“She would have been able to pick a body for him because she possessed, in a lonely girl’s secret imagination, a reserve of thighs, arms, torsos, faces, hair, teeth, napes, knees and she knew how to put them together to make a living man out of it all, to whom she could lend a soul—always the same one for each of these constructions: the soul that she would have wanted to possess.” Jean Genet, Notre Dame des Fleurs
Bernard Marcade Annette Messager, the peddler?
Annette Messager I am the peddler of chimaeras, the peddler of simian dreams, Arachnian delirium.
BM Annette Messager the faker?
AM I am the faker, the faker of repainted photographs, deformed enlargements, superimposed negatives, blurred close ups, rebounding images, distorting lenses . . .
BM Annette Messager the liar?
AM I am the liar, the messenger (messagere) of false premonitions, of dubious love, suspicious memories, the trainer of paper spiders . . .
BM Why all these titles, all these roles after those of the collector, the practical woman?
AM These are the titles of nobility which I’ve earned and which protect me from the exterior, from time which passes, from myself . . . I’ve always been interested in devalued arts. As a woman, I was already a devalued artist. Being a member of a minority, it is in the order of things that I should be attracted to so called marginal objects. From there, doubtless, also comes my taste for folk art, proverbs, the rough art created by the insane, maxims, fairytales, the art of the everyday, embroidery, film. Photography happens to be a devalued art, devalorised with regard to painting . . . I think minorities become strong precisely because they take advantage of their own strengths, and not because they try to imitate those of the majority . . .
BM There is always in your work an idea of privileging the small side of things, the cracks, the nocturnal and guilty face of our feelings and our actions. It’s a certain way of recognizing that beings are not whole, that they are doomed to being broken up and torn apart.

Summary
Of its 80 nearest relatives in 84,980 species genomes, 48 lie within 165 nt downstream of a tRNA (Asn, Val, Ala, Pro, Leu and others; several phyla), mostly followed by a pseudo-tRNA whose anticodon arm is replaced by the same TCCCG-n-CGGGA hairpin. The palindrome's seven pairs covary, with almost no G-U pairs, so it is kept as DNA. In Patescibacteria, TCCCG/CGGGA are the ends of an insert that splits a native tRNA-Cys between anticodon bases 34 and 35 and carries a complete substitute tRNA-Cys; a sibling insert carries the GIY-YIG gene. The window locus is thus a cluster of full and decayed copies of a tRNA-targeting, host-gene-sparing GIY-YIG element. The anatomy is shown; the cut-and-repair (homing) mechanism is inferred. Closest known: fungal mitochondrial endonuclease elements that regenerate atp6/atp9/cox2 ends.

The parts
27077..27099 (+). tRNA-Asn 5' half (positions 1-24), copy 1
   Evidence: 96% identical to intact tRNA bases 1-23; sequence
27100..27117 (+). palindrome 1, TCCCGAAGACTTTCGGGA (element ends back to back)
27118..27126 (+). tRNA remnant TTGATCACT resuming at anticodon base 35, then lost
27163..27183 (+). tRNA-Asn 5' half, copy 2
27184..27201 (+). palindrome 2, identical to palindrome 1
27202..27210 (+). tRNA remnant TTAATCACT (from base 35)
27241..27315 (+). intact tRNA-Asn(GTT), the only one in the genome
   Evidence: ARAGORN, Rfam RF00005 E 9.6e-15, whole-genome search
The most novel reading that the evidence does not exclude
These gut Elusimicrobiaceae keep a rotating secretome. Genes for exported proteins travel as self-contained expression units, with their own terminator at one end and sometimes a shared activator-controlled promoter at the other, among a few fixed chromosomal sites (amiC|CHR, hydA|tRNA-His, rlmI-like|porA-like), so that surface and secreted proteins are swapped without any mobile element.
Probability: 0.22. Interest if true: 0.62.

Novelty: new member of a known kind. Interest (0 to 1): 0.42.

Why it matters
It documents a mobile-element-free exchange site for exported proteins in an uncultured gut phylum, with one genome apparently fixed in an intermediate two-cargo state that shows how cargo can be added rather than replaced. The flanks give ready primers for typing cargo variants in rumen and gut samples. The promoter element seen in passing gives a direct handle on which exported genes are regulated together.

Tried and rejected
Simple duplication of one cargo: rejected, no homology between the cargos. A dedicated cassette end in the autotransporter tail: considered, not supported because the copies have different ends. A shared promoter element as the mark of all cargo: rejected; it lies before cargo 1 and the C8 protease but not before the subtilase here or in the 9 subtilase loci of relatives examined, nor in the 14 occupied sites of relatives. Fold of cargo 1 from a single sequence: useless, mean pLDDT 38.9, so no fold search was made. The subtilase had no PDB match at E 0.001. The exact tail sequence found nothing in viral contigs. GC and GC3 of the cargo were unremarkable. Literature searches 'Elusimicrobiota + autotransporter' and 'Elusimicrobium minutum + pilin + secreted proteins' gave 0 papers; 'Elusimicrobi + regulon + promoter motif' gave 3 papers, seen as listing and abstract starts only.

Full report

AM Painting is a totalitarian medium. In the same way that passionate love is a dictatorship, the body—and Pasolini saw this clearly—can be the privileged site of this dictatorship, indeed even of this fascism . . . That has always frightened me.
BM You seem to avoid this route. The body in your work is not a body of glory, a victorious body, it is rather, a fragmented body, subject to the horrors of distortion, indeed even of ridicule.
AM The body as directed by Pasolini is not in itself a body in glory, but a body in supplication. For me, it’s a “natural” gesture to rip bodies apart, cut them up . . . We are all definitely torn apart. It’s also my desire to reveal scraps, fragments, instants of things; so that there are only a few precious traces, so that the viewer reconstitutes his/her own direction, something which I have no desire to impose. As for my Mes Trophées (My Trophies), they’re definitely about stigmata. All my work is about possession, appropriation, even in the first pieces of Annette Messager, Collector . . .
BM In the idea of collecting, there is also the idea of infinity. Collecting is about always pushing farther out, the limits of a totality . . .
AM Collecting is definitely a way of struggling against death. A collection is always more and more beautiful, bigger and bigger, always incomplete . . .
BM So today you collect body pieces, pieces of images of bodies. We saw this already in the Chimaeras series in 1982, now with the Effigies series of 1985 and above all in Mes Trophées, begun in 1986.
AM The trophy is simultaneously on the side of victory and on the side of death, whether they are hunting trophies, the trophies of the Indians . . .
BM We say that we hang people in effigy. During the French Revolution for instance, they put the heads of the condemned on stakes.
AM Effigies are related to massacres. But what is paradoxical about this is that these people who have had their heads cut off become as effigies, extremely important.
BM We can talk about art as trophies. Isn’t it about undoing things, breaking things into pieces? Art is stamped and dated, hung in effigy, and therefore, literally cut off from life.
AM That’s why art doesn’t at all go the way of life. Art is against life. I think besides, that one shouldn’t say too much, show too much, reveal too much . . . Just a few traces, a bit derisory. . . Art is more on the side of conspiracy and conjuration as well. . .